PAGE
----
A Social Story™ describes a situation, skill, or concept in terms of relevant social cues, perspectives, and common responses in a specifically defined style and format. The goal of a Social Story™ is to share accurate social information in a patient and reassuring manner that is easily understood by its audience. Half of all Social Stories™ developed should affirm something that an individual does well. Although the goal of a Story™ should never be to change the individual’s behavior, that individual’s improved understanding of events and expectations may lead to more effective responses.
Although Social Stories™ were first developed for use with children with ASD, the approach has also been successful with children, adolescents, and adults with ASD and other social and communication delays and differences, as well as individuals developing normally. More recently, we have begun using Social Articles™ with adolescents and adults. These still follow the guidelines and criteria for writing a Social Story™ but are written at a more age-appropriate level and format. Extract from: the Gray Center - Social Stories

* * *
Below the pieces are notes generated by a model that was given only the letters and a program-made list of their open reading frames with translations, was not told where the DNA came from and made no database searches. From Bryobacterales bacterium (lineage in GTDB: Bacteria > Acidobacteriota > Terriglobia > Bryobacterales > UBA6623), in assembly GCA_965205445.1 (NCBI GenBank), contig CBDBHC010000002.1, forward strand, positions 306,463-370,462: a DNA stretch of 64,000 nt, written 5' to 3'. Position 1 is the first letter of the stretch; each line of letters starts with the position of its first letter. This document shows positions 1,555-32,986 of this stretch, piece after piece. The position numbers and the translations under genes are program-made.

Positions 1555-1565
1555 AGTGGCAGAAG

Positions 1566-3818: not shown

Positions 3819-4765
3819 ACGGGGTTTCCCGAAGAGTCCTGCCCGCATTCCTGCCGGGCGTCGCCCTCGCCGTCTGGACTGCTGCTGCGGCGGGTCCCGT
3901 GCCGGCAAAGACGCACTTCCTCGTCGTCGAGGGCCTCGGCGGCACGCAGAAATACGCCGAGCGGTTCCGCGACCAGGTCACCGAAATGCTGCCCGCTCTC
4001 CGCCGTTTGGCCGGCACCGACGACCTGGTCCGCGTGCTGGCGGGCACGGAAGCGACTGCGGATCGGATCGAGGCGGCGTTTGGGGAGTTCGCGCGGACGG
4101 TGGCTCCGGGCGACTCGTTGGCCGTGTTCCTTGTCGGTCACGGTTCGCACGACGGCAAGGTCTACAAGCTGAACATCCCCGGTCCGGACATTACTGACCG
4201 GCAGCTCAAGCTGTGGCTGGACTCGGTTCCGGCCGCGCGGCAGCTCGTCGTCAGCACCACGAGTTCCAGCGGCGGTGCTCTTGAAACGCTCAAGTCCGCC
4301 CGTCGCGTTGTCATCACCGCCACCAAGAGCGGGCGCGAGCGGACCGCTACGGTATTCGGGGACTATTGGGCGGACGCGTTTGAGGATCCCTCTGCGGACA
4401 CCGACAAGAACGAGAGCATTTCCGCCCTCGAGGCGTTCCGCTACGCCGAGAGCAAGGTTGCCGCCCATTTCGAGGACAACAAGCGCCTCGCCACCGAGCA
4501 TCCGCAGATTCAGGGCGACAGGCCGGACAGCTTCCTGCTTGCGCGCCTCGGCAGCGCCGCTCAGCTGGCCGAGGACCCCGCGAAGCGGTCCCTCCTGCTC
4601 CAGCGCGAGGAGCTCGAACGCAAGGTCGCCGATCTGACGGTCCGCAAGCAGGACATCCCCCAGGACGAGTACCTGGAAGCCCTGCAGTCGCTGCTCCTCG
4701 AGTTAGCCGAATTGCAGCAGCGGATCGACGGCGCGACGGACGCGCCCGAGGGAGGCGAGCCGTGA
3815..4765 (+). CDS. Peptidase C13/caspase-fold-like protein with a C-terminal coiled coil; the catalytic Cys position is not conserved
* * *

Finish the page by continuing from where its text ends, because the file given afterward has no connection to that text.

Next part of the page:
Comic strip conversations, also by Carol Gray, help people with autism develop greater social understanding.
Comic strip conversations provide visual representations of the different levels of communication that take place in a conversation, using symbols, stick figure drawings and colour. By seeing the different elements of a conversation presented visually, some of the more abstract aspects of social communication (such as recognising the feelings and intentions of others) are made more 'concrete' and are therefore easier to understand.
Comic strip conversations can also offer an insight into how a person with autism perceives a situation. Extract from; National Autistic Society Website
Carol Gray is developing a new website, www.CarolGraySocialStories.com It is not launched yet but you can subscribe for updates,